National Farm Safety and Health Week, Sept. 17-23, reminder: Older or disabled farmers should take extra safety care. The long hours of fall harvest put any farm family at greater risk of injury-particularly for aging farmers and ranchers or those with disabilities. "Older farmers and ranchers must adjust for the effects of aging. The risk of having an accident increases with age," said Karen Funkenbusch, coordinator of the AgrAbility program at the University of Missouri. Compared to the general U.S. labor force, farm operators are considerably older. More than one-fourth of all farm operators are 65 years old or older. - Robert Thomas

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Congressman wants to improve farm legislation
09/11/06   
Congress may well end up extending the 2002 farm bill, says Rep. Jerry Moran, R-Kan., "but I think there are reasons we first ought to at least try to improve on the current legislation." The chairman of the House Subcommittee on General Farm Commodities and Risk Management said in a recent interview that "from east to west, north to south, there is general and broad support for the current farm bill, and there's much discussion at the moment as to whether we should simply extend it for one, two, three, or four years. "My impression is that many national farm organizations and commodity groups feel that would be the best thing to do. - Hembree Brandon, Farm Press Editorial Staff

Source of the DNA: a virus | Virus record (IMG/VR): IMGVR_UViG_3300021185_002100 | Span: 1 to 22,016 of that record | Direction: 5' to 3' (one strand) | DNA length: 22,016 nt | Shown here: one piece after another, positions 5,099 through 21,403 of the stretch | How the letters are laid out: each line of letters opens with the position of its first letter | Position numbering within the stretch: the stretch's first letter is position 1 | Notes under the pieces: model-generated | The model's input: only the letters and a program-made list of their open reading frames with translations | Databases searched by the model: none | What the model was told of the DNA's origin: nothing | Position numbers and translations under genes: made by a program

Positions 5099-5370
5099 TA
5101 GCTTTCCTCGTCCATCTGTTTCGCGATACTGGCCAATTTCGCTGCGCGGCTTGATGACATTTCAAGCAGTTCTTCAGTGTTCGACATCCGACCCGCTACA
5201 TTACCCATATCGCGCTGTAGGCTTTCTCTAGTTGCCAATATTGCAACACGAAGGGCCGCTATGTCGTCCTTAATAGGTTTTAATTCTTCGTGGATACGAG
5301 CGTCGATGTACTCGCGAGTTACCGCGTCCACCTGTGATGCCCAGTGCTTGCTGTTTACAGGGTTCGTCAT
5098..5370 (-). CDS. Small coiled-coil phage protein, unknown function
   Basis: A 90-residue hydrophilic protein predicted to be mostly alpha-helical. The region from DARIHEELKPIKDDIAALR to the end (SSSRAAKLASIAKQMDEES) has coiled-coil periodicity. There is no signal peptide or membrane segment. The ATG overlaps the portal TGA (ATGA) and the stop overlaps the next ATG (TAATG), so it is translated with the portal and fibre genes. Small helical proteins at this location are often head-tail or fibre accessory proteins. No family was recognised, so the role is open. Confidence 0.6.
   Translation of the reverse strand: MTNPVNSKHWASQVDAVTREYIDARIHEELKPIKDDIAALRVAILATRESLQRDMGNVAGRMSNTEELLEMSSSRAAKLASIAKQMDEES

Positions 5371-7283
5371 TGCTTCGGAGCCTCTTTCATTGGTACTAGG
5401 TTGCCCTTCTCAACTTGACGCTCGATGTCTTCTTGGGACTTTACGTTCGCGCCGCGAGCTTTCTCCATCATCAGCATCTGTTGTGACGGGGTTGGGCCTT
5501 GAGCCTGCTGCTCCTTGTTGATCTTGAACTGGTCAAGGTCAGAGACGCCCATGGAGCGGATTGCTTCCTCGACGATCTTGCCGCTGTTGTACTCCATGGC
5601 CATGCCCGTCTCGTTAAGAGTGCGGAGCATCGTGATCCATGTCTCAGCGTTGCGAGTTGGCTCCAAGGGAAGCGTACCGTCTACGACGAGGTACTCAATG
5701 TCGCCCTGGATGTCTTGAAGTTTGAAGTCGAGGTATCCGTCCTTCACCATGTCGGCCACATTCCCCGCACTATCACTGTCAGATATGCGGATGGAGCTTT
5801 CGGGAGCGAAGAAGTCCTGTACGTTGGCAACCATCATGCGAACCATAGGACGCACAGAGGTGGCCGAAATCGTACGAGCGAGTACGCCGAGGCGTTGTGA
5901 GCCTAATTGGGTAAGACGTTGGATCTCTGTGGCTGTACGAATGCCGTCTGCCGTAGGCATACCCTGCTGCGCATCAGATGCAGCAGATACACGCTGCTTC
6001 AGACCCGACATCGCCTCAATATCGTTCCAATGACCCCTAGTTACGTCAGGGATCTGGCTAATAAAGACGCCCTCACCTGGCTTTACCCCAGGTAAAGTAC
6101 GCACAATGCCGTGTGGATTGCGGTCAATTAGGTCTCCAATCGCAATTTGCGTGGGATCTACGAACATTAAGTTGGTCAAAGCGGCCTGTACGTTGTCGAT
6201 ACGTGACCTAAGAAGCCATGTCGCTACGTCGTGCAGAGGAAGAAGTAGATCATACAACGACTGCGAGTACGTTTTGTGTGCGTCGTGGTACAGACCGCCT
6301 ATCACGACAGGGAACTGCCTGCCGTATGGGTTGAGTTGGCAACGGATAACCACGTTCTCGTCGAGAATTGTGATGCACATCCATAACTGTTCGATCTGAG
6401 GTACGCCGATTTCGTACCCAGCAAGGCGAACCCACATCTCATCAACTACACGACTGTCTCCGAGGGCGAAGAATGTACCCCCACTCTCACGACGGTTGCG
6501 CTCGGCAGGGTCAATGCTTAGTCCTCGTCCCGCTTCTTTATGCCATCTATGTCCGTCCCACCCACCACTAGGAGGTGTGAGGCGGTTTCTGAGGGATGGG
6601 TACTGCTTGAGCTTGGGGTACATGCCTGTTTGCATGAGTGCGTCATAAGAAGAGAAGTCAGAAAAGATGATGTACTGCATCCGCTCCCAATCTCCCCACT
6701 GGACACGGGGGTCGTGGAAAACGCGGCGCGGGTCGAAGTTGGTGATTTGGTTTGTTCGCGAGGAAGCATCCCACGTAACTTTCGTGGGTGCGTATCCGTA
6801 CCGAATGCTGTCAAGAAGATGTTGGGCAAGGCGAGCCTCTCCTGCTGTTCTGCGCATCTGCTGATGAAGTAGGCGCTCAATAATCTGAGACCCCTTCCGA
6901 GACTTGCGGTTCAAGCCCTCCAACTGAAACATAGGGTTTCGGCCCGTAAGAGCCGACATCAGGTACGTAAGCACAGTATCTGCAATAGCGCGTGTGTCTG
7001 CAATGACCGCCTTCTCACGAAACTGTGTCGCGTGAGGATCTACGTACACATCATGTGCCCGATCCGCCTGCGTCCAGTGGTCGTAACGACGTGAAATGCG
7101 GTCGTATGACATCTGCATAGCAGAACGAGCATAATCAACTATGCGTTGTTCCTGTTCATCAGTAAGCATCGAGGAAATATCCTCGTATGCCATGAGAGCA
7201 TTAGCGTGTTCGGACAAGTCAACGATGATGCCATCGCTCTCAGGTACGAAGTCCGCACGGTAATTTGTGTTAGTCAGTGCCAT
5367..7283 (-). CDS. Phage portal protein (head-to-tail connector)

Chairman hears support to extend current farm laws
09/11/06   
Senator Saxby Chambliss, R-Ga., chairman of the U. S. Senate Committee on Agriculture, Nutrition and Forestry, admitted that the farm sector faces serious challenges as both Senate and House committees begin deciding what to do with farm legislation. "I am pleased with the way the current farm bill is working," Chambliss told witnesses and a sizeable audience at a farm bill hearing Friday in Lubbock. "But we face challenges as we debate a new farm bill. The DOHA (collapse) has shifted the debate. Some domestic programs may not mesh with international trade." - Ron Smith, Farm Press Editorial Staff

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John Allen, Brandt Consolidated, New Berlin, Ill.

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Bush puts forth trade agreement with Colombia
09/08/06   
A free trade agreement between the United States and Colombia will generate additional export opportunities for American farmers and ranchers, President Bush said in a letter notifying the House and Senate of his intent to sign the pact. It would also "help create jobs in the United States and help American consumers save money, while offering them more choices," he said. And it would "benefit the people of Colombia by providing economic opportunity and strengthening democracy." - Hembree Brandon, Farm Press Editorial Staff

More ASR found in southeast Mississippi soybeans
09/08/06